Market concerns over the European economy are showing signs of growing after a closely-watched survey of German investors recorded a sharp drop in sentiment after five straight months of increases.
The ZEW institute reported Tuesday its main index dropped by 12.6 points to a level of 10.8 in May.
ZEW says the investors believe "the outcome of the elections in Greece and France has made it more doubtful that European governments will resolutely fight the sovereign debt crisis."
ZEW president Wolfgang Franz says in light of the recessions in several eurozone countries, "it is important to pursue austerity measures with sound judgment _ growth and consolidation do not contradict each other."
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Germany's economy grew by a greater than expected 0.5 percent in the first three months of the year as strong exports helped offset the impact of Europe's debt crisis.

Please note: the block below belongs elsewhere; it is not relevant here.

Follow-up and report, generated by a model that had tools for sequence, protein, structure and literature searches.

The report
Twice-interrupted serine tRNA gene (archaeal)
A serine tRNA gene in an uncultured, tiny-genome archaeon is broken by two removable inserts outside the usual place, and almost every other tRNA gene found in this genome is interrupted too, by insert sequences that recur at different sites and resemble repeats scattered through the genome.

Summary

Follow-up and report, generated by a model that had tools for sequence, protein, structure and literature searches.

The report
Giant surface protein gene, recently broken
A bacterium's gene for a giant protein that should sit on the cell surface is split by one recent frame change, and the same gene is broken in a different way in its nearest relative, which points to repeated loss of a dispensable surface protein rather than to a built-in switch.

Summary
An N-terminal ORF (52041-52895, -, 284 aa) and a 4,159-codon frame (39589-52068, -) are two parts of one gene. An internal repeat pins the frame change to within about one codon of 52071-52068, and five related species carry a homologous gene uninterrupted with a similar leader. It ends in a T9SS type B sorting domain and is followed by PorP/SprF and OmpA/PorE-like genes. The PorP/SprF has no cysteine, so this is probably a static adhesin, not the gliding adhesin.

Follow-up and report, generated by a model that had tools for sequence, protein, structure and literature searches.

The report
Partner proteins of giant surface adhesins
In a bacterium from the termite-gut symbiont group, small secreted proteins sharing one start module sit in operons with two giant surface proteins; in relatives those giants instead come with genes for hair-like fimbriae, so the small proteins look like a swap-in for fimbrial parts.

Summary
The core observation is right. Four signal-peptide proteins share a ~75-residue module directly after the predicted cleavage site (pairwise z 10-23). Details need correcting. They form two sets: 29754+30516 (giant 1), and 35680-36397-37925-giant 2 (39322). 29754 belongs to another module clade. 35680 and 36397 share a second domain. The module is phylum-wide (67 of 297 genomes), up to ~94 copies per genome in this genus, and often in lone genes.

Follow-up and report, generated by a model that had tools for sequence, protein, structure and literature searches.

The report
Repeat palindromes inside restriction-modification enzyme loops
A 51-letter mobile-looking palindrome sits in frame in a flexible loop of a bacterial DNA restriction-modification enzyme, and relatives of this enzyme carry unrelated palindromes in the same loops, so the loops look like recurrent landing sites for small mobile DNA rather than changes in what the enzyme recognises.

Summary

The government statistics agency says exports helped the economy bounce back from a slight fall in output of 0.2 percent in the fourth quarter of last year. The first-quarter figure was well ahead of the 0.2 percent expected by market analysts.
Germany remains a standout performer despite Europe's troubles with too much debt in several countries. Unemployment is low and exports of manufactured goods such as automobiles and machinery remain robust.
The country is benefiting from changes to labor laws that it made in 2004 to lower business costs _ changes Chancellor Angela Merkel is now urging debt stricken countries to make themselves as the best way to find long-term growth.
A growing economy is considered the most reliable way to shrink debt burdens like the ones plaguing Greece, Ireland and Portugal, all of which have needed bailout loans to be able to keep paying their debts.
Compared to the same quarter a year ago, Germany grew 1.7 percent.
The European Commission expects the economy in the 17 countries that use the euro to shrink 0.3 percent this year. Figures for first-quarter growth across the eurozone are due later Tuesday.